The first wave of concentrated development took place as the result of the coming of the Hackensack and New York Railroad in 1870, which followed the route of today's Pascack Valley Line. On March 5, 1870, service began between Westwood and New York City (via Jersey City and a ferry ride). Several small hotels were built near the depot, and in 1872 several houses in the latest European-influenced styles began to be built along Centre Avenue.[27] Old maps show that growth occurred simultaneously on the land both to the east and west of the tracks. The commercial buildings included lumber and coal sheds, stores, and a bakery. There was a chapel on the corner of Third and Park avenues. The triangular park that has played an important role as a place of community gatherings is also shown on the 1876 map.[28]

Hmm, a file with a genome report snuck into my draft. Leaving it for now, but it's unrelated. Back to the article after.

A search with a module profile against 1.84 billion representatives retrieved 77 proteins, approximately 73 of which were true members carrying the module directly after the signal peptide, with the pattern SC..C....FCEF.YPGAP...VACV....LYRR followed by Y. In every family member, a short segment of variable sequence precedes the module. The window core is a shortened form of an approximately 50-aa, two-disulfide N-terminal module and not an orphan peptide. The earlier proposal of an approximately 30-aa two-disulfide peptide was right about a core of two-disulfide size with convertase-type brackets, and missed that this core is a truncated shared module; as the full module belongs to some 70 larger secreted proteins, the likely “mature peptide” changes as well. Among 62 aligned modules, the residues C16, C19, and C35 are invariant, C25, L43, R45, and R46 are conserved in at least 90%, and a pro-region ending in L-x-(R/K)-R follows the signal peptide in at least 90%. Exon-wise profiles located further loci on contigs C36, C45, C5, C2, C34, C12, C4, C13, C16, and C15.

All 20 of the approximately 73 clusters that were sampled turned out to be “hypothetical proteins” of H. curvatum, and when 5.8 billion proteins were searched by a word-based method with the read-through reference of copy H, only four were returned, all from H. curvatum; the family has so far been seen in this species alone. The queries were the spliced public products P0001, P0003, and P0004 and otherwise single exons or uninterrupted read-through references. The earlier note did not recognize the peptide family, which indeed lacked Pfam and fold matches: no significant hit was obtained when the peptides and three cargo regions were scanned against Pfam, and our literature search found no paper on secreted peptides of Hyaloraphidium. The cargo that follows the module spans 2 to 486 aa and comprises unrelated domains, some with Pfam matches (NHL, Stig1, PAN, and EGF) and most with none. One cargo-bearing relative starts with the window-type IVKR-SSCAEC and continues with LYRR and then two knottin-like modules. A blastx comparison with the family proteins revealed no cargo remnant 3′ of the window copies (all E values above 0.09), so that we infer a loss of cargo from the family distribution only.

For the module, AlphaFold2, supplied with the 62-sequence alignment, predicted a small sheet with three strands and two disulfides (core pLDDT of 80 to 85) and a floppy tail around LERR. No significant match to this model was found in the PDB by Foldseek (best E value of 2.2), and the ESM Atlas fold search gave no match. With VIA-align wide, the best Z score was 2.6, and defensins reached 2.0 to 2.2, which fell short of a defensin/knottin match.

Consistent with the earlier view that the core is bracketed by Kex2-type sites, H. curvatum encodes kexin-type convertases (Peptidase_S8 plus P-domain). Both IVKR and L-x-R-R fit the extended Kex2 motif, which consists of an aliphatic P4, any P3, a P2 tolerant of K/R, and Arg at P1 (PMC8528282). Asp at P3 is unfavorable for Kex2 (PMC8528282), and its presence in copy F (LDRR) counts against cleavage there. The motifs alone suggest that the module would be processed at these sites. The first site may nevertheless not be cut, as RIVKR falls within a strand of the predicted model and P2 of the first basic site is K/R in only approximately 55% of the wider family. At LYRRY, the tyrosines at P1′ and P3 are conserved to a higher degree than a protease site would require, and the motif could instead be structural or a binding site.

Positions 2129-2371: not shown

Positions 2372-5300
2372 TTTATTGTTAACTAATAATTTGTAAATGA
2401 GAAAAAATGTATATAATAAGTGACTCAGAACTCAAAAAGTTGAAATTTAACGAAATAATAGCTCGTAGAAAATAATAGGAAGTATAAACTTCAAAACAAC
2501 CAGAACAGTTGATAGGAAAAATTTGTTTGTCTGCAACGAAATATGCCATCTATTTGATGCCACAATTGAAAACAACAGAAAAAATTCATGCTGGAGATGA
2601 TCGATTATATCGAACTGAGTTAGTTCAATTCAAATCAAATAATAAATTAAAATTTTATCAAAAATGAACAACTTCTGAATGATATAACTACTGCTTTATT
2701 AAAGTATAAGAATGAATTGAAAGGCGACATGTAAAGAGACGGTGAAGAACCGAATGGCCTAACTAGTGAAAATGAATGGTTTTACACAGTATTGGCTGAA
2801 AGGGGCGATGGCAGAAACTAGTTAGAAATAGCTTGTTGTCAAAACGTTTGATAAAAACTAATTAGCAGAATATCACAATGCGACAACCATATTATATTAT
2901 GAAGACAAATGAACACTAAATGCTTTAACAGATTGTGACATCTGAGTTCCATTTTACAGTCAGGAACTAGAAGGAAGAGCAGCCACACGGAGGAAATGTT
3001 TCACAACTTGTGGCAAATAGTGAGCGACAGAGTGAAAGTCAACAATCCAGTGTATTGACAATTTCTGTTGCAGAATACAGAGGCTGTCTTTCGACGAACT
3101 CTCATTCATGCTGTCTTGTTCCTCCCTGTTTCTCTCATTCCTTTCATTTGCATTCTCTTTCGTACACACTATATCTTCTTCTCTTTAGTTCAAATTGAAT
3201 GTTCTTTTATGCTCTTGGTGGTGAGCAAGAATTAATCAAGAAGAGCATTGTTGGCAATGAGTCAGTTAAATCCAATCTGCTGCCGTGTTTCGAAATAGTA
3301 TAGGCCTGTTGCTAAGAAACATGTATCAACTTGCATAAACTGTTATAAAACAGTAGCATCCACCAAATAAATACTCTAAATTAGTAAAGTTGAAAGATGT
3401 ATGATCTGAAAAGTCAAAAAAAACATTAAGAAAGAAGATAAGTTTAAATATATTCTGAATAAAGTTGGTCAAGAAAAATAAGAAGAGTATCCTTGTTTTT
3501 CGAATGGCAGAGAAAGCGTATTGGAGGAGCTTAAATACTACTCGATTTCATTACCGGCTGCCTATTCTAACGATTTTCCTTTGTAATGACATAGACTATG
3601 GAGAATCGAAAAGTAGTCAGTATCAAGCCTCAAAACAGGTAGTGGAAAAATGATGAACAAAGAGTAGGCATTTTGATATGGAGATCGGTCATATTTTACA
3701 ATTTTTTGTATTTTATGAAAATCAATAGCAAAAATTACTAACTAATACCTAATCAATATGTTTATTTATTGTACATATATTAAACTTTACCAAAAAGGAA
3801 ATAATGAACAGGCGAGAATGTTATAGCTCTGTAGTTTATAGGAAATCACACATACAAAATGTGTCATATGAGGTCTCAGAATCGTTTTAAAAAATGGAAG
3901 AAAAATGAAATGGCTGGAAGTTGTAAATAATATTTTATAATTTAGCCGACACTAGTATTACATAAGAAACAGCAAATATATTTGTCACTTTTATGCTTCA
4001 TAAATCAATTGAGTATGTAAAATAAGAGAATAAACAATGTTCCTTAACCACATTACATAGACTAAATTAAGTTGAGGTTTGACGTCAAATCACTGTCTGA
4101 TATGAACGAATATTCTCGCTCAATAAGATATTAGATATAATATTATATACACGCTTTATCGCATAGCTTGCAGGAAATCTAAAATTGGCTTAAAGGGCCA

By the 1880s, Westwood had four factories, several distilleries, a new school, a laundry and grocery store, and a new Reformed Church. In 1890, following a meeting of interested residents, those favoring the incorporation of Westwood as an independent borough conducted a petition drive. By 1894, Washington Township lost one of its villages as Westwood established itself as an independent borough. Isaac D. Bogert, from a long established Bogert family, was elected mayor.[29]

In 1899, a water plant constructed by Cornelius S. DeBraun provided service to thehouses that had been built along the borough's newly laid streets.[27] By the time of the 1905 New Jersey Census, there were 234 dwellings housing a population of 1,044.[30]

Westwood Park Place decorated for the holidays. Notice that the Fire Bell is covered with a Christmas Wreath